History of Mombasa
The founding of Mombasa is associated with two rulers: Mwana Mkisi (female) and Shehe Mvita. According to oral history and medieval commentaries, Shehe Mvita superseded the dynasty of Mwana Mkisi and established his own town on Mombasa Island. Shehe Mvita is remembered as a Muslim of great learning and so is connected more directly with the present ideals of Swahili culture that people identify with Mombasa. The ancient history associated with Shehe Mvita and the founding of an urban settlement on Mombasa Island is still linked to present-day peoples living in Mombasa. The Thenashara Taifa (or Twelve Nations) Swahili lineages recount this ancient history today and are the keepers of local Swahili traditions. Even though today Mombasa is a very heterogeneous cultural mix, families associated with the Twelve Nations are still considered the original inhabitants of the city.
Most of the early information on Mombasa comes from Portuguese chroniclers writing in the 16th century. The famous Moroccan scholar and traveller Ibn Battuta did visit Mombasa in 1331 on his travels on the eastern coast of Africa and made some mention of the city, although he only stayed one night. He noted that the people of Mombasa were Shãfi'i Muslims, "a religious people, trustworthy and righteous. Their mosques are made of wood, expertly built."
The city has a population of 939,370, as per the 2009 census,and is located on Mombasa Island, which is separated from the mainland by two creeks: Tudor Creek and Kilindini Harbour. The island is connected to the mainland to the north by the Nyali Bridge, to the south by the Likoni Ferry and to the west by the Makupa Causeway, alongside which runs the Kenya-Uganda Railway. The port serves both Kenya and countries of the interior, linking them to the Ocean. The city is served by Moi International Airport located in the northwest mainland suburb of Chaani, northwest of Changamwe area.
Being a coastal town, Mombasa is characterised by a flat topography. The town of Mombasa is centered on Mombasa Island, but extends to the mainland. The island is separated from the mainland by two creeks, Port Reitz in the south and Tudor Creek in the north.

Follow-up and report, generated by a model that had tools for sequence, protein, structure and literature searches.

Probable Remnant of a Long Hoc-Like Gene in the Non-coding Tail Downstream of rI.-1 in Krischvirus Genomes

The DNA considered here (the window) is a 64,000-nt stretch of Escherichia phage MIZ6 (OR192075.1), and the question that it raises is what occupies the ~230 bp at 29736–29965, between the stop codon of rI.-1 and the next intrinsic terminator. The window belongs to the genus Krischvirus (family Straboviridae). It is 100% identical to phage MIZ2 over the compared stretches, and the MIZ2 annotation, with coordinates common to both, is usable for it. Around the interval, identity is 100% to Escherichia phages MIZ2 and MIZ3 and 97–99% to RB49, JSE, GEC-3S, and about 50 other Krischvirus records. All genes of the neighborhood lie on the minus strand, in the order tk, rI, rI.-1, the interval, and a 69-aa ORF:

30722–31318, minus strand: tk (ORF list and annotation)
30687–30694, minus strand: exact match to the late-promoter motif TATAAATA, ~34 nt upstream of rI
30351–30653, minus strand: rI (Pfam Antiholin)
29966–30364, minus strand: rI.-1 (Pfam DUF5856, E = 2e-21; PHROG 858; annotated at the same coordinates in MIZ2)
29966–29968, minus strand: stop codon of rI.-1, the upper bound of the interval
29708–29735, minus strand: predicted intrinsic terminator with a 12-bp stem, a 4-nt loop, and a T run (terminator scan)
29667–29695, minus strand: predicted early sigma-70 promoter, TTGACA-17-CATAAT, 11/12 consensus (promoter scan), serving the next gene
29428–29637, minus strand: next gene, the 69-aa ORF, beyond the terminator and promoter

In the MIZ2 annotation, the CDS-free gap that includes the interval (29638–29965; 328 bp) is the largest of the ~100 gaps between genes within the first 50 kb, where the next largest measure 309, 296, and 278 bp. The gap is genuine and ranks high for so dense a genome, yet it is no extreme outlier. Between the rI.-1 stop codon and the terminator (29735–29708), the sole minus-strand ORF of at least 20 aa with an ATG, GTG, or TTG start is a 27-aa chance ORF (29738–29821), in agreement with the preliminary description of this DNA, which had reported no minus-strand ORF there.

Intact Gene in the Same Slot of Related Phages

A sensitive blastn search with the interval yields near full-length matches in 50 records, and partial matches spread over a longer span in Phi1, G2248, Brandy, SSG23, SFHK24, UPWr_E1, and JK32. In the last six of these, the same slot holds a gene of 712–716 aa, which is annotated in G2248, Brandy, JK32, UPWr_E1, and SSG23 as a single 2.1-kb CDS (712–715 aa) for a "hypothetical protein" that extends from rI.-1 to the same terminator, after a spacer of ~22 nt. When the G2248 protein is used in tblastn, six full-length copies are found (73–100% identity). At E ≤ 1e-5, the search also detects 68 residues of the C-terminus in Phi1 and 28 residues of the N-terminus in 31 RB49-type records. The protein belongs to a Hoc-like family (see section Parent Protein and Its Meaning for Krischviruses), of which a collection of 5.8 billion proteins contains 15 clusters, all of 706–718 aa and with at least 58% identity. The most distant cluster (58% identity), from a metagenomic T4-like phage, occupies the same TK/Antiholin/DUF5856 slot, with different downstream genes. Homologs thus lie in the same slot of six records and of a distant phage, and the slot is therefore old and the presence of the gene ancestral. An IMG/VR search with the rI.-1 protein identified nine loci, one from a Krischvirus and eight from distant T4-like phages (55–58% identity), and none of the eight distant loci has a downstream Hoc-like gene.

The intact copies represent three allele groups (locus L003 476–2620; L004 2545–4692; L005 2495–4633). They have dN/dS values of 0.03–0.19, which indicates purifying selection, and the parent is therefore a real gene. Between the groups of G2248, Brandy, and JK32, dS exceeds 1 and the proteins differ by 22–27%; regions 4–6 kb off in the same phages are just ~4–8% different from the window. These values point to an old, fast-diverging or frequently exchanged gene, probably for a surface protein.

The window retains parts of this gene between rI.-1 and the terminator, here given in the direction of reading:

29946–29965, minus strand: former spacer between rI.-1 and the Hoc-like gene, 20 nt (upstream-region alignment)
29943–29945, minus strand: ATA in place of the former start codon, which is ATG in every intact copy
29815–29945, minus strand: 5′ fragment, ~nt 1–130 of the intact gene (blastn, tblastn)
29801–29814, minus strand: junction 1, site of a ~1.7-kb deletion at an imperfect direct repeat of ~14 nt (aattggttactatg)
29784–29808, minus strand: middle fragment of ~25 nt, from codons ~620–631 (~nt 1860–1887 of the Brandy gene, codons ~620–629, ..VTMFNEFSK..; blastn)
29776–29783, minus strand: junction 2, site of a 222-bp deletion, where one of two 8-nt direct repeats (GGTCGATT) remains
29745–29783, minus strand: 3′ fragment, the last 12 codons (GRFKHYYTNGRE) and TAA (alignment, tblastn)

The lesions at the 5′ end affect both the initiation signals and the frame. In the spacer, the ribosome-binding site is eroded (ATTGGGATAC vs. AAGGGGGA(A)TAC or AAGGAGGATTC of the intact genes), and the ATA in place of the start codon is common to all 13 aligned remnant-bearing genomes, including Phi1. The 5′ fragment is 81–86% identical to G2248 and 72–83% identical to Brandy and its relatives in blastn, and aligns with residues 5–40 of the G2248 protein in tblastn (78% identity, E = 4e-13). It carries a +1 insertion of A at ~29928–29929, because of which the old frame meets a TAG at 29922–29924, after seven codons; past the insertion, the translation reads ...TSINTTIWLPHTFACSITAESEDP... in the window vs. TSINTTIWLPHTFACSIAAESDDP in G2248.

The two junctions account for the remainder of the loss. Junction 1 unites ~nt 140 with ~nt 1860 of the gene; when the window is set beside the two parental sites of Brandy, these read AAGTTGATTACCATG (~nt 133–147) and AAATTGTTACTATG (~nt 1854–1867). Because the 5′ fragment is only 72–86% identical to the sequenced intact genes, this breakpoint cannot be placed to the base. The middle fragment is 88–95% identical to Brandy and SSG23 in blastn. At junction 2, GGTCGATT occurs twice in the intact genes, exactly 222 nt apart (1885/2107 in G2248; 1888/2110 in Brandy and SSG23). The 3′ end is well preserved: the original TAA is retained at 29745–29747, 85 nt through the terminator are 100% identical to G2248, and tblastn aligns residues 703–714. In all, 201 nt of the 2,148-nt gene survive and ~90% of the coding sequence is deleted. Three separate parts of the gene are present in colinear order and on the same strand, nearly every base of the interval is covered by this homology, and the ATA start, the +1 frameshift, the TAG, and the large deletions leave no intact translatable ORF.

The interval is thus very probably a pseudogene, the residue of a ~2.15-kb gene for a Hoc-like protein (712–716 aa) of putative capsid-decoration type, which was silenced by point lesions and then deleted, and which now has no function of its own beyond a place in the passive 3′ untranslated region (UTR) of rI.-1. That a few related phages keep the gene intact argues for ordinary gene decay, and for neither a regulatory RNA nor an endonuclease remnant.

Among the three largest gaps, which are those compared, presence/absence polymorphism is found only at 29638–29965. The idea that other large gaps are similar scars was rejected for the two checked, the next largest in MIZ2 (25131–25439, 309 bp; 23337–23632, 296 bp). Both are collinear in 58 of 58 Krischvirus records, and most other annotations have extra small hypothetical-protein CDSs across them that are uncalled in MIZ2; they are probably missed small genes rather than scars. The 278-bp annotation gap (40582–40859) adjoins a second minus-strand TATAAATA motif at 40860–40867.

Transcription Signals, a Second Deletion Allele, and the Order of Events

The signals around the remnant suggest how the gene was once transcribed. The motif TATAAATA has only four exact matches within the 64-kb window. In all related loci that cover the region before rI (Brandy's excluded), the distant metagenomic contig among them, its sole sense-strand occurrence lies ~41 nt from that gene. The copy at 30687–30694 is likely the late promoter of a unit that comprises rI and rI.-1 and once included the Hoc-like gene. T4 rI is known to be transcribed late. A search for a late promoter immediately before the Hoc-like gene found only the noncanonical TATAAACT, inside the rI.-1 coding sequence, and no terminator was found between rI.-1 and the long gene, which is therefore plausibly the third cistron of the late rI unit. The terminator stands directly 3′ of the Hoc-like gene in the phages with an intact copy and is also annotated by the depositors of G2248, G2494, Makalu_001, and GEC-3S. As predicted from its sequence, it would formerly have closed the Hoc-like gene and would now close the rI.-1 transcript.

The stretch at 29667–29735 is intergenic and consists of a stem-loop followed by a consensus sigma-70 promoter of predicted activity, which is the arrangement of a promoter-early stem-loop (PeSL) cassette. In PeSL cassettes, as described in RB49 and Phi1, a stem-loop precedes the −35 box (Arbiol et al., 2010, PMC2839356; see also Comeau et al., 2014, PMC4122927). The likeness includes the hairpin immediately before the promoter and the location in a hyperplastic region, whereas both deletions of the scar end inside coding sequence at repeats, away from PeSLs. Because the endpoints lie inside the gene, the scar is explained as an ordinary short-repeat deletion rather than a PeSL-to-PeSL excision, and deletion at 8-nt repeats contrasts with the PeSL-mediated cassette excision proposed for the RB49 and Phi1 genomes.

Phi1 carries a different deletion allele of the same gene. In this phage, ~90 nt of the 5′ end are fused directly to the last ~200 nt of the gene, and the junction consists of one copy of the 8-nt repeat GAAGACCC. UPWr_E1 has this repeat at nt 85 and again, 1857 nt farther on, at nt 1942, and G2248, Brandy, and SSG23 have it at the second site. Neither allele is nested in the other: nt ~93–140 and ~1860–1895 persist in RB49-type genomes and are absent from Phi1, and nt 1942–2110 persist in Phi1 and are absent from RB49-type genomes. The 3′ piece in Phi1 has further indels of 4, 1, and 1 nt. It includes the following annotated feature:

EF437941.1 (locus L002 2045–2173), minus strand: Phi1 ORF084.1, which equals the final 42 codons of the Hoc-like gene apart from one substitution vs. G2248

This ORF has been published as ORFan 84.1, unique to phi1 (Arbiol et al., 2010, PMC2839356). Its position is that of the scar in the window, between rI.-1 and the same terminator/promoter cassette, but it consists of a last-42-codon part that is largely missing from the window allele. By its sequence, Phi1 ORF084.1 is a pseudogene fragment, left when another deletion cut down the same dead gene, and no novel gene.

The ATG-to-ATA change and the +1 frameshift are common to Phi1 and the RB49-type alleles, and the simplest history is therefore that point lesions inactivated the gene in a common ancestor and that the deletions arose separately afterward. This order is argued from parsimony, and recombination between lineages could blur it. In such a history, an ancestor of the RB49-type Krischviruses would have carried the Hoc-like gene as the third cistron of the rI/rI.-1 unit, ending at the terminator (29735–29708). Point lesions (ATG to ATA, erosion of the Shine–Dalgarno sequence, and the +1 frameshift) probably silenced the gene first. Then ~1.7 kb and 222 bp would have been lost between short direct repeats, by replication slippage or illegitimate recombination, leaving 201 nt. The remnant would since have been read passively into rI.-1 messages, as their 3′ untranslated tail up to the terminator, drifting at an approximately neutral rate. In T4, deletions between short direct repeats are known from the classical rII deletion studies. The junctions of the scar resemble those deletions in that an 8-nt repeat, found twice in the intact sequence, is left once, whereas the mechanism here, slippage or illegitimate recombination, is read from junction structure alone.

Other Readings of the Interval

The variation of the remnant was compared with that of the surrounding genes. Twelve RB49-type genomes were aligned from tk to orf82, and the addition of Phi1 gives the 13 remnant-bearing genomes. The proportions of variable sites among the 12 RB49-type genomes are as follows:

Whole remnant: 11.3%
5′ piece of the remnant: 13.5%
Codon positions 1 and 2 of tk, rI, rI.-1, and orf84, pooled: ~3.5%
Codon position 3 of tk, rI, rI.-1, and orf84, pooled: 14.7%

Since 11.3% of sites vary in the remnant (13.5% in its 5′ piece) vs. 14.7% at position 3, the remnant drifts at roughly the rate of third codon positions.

Mombasa is a major trade centre and home to Kenya's only large seaport, the Kilindini Harbour. Kilindini is an old Swahili term meaning "deep". The port is so called because the channel is naturally very deep. Kilindini Harbor is an example of a natural geographic phenomenon called a ria, formed millions of years ago when the sea level rose and engulfed a river that was flowing from the mainland.
Driving in Mombasa is straight-forward and the majority of the roads are tarmacked. Main roads include; Jomo Kenyatta Avenue, Digo Road, Nyerere Road, Nkurumah Road, Moi Avenue, Mama Ngina Drive, Barack Obama Road, Nairobi Highway and Nyali Road. Highways connect Mombasa to Nairobi, Dar es Salaam while northward road link to Malindi and Lamu, which also extends towards the border with Somalia.
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Kizingo: Considered the prime residential area of Mombasa. The State House Mombasa,Provincial Headquarters, The Mombasa Law Courts, The Municipal Council are located in Kizingo. The Aga Khan Academy, Aga Khan High School, Serani Primary School, Serani High School, Santokben Nursery School, Coast Academy, Mombasa Primary School, Loreto Convent, Mama Ngina Girls' High School and the Government Training Institute (GTI) Mombasa are all part of Kizingo.
2. North Coast
Nyali: Also considered a prime and up-market residential area, it is on the mainland north of the island and is linked by the New Nyali Bridge. It has numerous beach front hotels in the area known as the "North Coast". Nyali has two distinct sections - the posh Old Nyali and the upcoming New Nyali. For many residents, Nyali has now become a self-contained residential area, with two Nakumatts, a multiplex cinema, shopping malls, banks, schools and post offices. This often eliminates the need for residents to cross the bridge and to go into the congested Mombasa city center. Nyali is home for the Nyali Cinemax complex, Mamba Village, the Nyali Golf Club, and some of the most prestigious academic institutions of the Coast Province.
3. South Coast
Likoni: is a lower income and lower middle class neighborhood connected to Mombasa Island by ferry. It is south of Mombasa Island and made up of mostly non-Swahili tribes. The ferry was the target of the Likoni Riots of 1997.
Magongo: is an outlying township 20 minutes driving distance northwest of Mombasa Island, situated on the Nairobi Highway. This fringe community lacks any effective electricity, water or sewer systems, with a general lack of infrastructure. Poverty, lack of sanitation, and unemployment continue to be the greatest issues for the Mikindani Township, which have ensured low health and safety standards for its residents. Poor, lower class housing is widespread, ranging from simple stone, two storey structures to mud and earth homes fitted with corrugated iron roofs. Much of the community works outside of the township, within Mombasa Island itself as there is a lack of employment and industry. There are number of small health clinics, shops, and a few public primary schools: Nazarene primary is one school, which is known in particular as being staffed by a revolving volunteer teacher base from Western, and predominately English speaking nations. This small town that serves as a link between the city and Moi International Airport. Magongo is also home to the Akamba Handicraft Cooperative.
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